distortion, and calibrations required for color reconstruction.
      System calibrations were conducted after the cameras were
      installed on the spacecraft.  Important tasks included
      measurement of the Field-Of-View (FOV) alignment and
      verification of the flat-field light transfer characteristics.
      Noise measurements were also made at the system level.
 
      A method for in-flight verification of the radiometric
      calibrations that were run on the ground is employed on the
      Narrow-Angle optics.  It is very similar to the scheme used on
      the Wide-Angle optics except that eight lamps are required.
      They are located just within the Field-Of-View around the
      periphery of the telescope aperture.  By either pulsing the
      lamps or leaving them on and varying the shutter exposure time
      a transfer curve may also be generated by using the calibration
      plaque.  The method is identical to that described for the
      wide-angle optics.  However, calibration data was collected but
      no new calibration files were generated during the Jupiter,
      Saturn, or Uranus encounters or their related cruise periods.
 
      Although the INSTRUMENT_PARAMETER_NAME has been provided as
      Radiance, the Voyager Experiment Data Record (EDR) data set has
      not been radiometrically corrected, and thus images do not
      represent radiance units.  In order to convert an image from
      Data Number (DN) to radiance units, the image must be
      calibrated.  Radiometric calibration files, and selected
      radiometrically corrected images are available through the
      Imaging Node.
 
 
    Section 'ISSN'
    ==============
      Total Fovs                     : 1
      Sample Bits                    : 8
 
 
      'ISSN' Detectors
      ----------------
        ISSN
 
 
      'ISSN' Electronics
      ------------------
        ISSN
 
 
      'ISSN' Filters
      --------------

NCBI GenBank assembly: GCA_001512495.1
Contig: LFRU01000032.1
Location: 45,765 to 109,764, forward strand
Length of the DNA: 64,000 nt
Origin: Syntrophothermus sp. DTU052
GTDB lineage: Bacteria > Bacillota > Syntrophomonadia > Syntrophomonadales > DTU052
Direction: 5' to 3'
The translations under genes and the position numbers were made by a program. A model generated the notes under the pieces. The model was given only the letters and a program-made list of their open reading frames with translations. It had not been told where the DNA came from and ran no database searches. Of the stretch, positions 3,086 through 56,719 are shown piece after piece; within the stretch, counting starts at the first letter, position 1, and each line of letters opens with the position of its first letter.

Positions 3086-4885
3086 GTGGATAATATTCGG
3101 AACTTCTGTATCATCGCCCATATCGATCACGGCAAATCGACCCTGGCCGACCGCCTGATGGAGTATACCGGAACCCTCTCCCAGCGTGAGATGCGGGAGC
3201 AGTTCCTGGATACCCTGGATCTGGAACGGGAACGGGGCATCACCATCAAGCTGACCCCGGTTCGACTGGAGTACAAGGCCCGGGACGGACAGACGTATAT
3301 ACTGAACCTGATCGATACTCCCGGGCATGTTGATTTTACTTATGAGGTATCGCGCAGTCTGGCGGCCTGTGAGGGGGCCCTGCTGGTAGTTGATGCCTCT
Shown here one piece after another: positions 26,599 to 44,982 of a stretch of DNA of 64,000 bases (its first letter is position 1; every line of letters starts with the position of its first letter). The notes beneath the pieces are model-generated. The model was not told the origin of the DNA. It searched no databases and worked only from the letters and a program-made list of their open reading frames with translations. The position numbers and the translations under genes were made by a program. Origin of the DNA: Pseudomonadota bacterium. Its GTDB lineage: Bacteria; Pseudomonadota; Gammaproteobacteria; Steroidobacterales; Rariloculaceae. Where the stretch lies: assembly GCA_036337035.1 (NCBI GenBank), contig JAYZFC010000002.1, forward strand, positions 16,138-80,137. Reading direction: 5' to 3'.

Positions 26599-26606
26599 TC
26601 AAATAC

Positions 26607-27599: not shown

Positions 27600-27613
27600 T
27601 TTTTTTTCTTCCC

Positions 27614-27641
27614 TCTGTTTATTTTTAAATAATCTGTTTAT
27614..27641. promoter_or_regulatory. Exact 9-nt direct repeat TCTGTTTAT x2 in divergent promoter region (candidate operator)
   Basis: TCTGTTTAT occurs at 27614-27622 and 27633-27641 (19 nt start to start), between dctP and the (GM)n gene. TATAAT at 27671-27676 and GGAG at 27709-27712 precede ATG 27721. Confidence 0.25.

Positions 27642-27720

BLUE
        CLEAR
        CLEAR
        GREEN
        GREEN
        ORANGE
        ULTRAVIOLET
        VIOLET
 
 
      'ISSN' Section Optic IDs
      ------------------------
        ISS-NA
 
 
      In modes
      --------
        IM10
        IM11
        IM12
        IM13
        IM14
        IM15
        IM2
        IM3
        IM4
        IM5
        IM6
        IM7
        IM8
        IM9
 
 
      'ISSN' Section FOV Shape 'SQUARE'
      ---------------------------------
        Section Id                     : ISSN
        Fovs                           : 1
        Horizontal Pixel Fov           : 0.000530
        Vertical Pixel Fov             : 0.000530
        Horizontal Fov                 : 0.424000
        Vertical Fov                   : 0.424000
 
 
      'ISSN' Section Parameter 'RADIANCE'
      -----------------------------------
        Radiance is the amount of energy per time per projected area
        per steradian.
 
        Instrument Parameter Name      : RADIANCE
        Sampling Parameter Name        : PIXEL
        Instrument Parameter Unit      : DIMENSIONLESS
        Noise Level                    : UNK
 
 
    Instrument Detector 'ISSN'
    ==========================
      Detector Type                  : VIDICON
      Detector Aspect Ratio          : 1.000000
      Minimum Wavelength             : 0.280000
      Maximum Wavelength             : 0.640000
      Nominal Operating Temperature  : 282.000000
 
 
      Description
      -----------
        The sensor used in the Voyager Imaging Science Subsystem
        (ISS) camera system is a 25-mm diameter magnetic deflection
        vidicon (number B41-003, General Electro-dynamics Co.).  The
        vidicon storage surface (target) is selenium sulphur and can
        store a high resolution (1500 TV lines) picture for over 100
        s at room temperature.  The active image area on the target
        is 11.14 x 11.14 mm.  Each frame consists of 800 lines with
        800 picture elements (pixels) per line, i.e., 1 pixel =14
        microns.  One frame requires 48 s for electronic readout.  In
        addition to the normal frame readout of 48 s (1:1), four
        extended frame-time modes of 2:1, 3:1, 5:1, and 10:1 are
        available by command.  Following readout, light flooding is
        used to remove any residual image that might remain from the
        previous frame.  At the end of light flooding, 14 erase
        frames are used to stabilize and prepare the vidicon target
        for the next exposure sequence (VGR ISS Calibration Report,
        1978, an internal JPL document available from JPL vellum
        files).
 
 
      Sensitivity
      -----------
        Calibration experiments show the gain map indicating higher
        sensitivity toward the top of the frame in a radial manner.
        Dark-current ratio results indicate a mean within
        plus-or-minus 3% of the true linearity of the light transfer
        function.  The required accuracy of the light transfer
        functions was plus-or-minus 5% of half-scale signal averaged
        over any randomly selected area of 10 contiguous pixels.
        This requirement was consistently met for all ISS flight
        cameras.  The radiance of the used light cannons was supposed
        to be plus-or-minus 5% or better of the level to produce a
        half-scale signal.  This criterion was also met.  It is not
        clear whether the color spatial dependence is due to the